I can vouch for that. You wouldn't believe the number of solicitations I receive for my little site each week, and I haven't updated it in months. Yet people send me free software all the time. Most of it is highly marketed junk
that forces you to cut through mountains of marketing copy amidst a good UI, but you end up asking, "Where the substance, the edge; i.e., what makes this slick program different from the freeware one?" What's odd is that they almost never send a registered version, ha!
One of the attractions to DonationCoder.com is its openness to the best software, no matter its licensing. My gripe with TopTenReviews is that without reviewing freeware/OS/Donation apps, then you're really only giving readers a partial review. Imagine if in his Image Shootout Review
Nudone had stopped after reviewing ACDSee, ThumbsPlus, and PicaJet FX? Or if I had stopped after reviewing WinRAR, WinZip, and PowerArchiver in the Best Archive Tool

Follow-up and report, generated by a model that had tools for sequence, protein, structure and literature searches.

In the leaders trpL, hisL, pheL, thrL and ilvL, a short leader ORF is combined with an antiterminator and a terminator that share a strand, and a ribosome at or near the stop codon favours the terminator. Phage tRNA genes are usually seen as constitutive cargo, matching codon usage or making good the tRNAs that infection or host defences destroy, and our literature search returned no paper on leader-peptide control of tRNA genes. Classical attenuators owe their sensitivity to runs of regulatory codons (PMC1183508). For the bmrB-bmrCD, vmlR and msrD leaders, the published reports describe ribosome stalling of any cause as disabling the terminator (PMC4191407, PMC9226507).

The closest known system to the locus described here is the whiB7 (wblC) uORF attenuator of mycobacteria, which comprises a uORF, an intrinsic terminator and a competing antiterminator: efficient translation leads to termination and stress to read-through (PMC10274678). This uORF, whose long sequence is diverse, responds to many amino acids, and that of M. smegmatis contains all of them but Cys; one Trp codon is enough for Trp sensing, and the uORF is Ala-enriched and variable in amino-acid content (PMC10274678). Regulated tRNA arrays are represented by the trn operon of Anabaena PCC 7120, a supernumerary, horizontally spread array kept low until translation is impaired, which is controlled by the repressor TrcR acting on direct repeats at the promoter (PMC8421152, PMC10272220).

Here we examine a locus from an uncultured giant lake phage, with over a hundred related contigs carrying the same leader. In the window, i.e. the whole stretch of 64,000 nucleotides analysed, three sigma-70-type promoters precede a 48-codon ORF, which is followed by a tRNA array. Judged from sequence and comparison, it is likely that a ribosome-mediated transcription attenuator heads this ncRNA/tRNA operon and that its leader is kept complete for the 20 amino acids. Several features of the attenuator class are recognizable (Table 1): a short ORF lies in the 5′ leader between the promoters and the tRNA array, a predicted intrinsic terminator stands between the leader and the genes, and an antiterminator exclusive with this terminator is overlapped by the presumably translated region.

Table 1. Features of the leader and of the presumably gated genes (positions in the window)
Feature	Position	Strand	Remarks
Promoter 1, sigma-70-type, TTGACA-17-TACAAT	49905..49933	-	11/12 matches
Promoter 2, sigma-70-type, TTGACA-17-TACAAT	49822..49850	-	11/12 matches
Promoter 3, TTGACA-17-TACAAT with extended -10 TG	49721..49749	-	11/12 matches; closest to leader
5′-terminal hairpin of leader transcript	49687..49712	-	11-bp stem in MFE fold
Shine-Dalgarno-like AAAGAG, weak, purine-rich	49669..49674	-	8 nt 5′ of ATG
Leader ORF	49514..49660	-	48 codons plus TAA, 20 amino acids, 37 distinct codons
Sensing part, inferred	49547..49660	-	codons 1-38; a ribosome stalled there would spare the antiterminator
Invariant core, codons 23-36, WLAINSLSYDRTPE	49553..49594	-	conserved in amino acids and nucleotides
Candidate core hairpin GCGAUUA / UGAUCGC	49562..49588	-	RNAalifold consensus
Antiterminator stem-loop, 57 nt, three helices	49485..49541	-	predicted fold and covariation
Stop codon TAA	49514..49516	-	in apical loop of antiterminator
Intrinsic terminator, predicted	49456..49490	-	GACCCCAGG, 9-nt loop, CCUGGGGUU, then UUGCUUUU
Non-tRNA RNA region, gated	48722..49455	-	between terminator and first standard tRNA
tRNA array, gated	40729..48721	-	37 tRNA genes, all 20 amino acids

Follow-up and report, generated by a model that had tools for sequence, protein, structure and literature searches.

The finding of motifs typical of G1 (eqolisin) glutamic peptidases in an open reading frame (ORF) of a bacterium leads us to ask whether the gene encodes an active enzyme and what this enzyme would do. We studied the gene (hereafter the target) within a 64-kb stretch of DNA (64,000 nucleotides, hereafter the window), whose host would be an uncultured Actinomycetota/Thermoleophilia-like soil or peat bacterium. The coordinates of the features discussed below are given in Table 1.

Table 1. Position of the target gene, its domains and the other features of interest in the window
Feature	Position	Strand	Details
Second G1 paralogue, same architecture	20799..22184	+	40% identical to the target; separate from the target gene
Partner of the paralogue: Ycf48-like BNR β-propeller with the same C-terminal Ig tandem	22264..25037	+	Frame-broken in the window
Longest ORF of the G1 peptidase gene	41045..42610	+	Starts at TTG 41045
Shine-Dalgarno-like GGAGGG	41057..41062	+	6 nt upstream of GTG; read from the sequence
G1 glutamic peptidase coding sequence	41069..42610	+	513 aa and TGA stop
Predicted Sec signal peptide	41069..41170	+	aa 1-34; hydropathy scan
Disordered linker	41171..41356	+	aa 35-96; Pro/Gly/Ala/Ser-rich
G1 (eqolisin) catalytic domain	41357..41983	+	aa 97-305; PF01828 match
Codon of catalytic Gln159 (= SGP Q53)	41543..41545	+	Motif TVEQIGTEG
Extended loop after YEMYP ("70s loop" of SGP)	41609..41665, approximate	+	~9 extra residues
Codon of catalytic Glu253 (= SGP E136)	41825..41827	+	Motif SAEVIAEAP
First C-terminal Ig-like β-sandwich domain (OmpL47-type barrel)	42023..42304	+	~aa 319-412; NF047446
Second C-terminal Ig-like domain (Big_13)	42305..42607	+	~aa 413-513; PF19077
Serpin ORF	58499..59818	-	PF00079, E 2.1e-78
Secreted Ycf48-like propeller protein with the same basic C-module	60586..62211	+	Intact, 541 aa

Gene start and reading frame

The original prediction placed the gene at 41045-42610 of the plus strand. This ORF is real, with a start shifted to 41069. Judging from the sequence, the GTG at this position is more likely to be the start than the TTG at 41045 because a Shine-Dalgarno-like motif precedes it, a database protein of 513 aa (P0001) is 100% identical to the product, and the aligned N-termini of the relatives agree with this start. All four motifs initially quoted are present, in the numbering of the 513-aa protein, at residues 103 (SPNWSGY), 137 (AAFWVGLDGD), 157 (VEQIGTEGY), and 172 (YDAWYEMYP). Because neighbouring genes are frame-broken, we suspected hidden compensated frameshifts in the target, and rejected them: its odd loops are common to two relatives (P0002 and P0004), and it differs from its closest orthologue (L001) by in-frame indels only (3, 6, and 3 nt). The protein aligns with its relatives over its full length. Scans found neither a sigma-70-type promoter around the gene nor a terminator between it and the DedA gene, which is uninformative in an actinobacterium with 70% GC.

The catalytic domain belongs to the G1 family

I welcome more review sites, and Veign makes an excellent point about synopsizing content. If you want the "quick and happy cheerleader" version of software reviews, visit The Great Software List
, where everything is reduced to one paragraph and a screenshot. However, if you want more depth, with user input, response, and feedback, I'm coming here to DonationCoder.com. One reason I think DonationCoder.com has a great advantage with reviews is that many of you guys build
software and approach it from several different angles, not just the "user" perspective I come from every time.
JavaJones, as for benchmarking, remember that it, too, can be subjective to an extent. Slow-opening programs are like slow-opening websites — they kill you, and that information does have a direct impact on users. But when I was doing my research for the Best Archive Tool review, I found tons of benchmarking sites that measured compression ratios and compared their algorithms, and in the end, I just wanted to see what each would do with a big freakin' fat file on my own (fast) computer. Much benchmarking is done at the university level for papers and studies, it seems.
When you look at TTR's best feature — its comparative tables — you still want to know "how" they thought one program received a 3.5 rating and another received a 4.0. At least, I want to know why — was it slower, did the feature not work, was it more difficult to access, etc.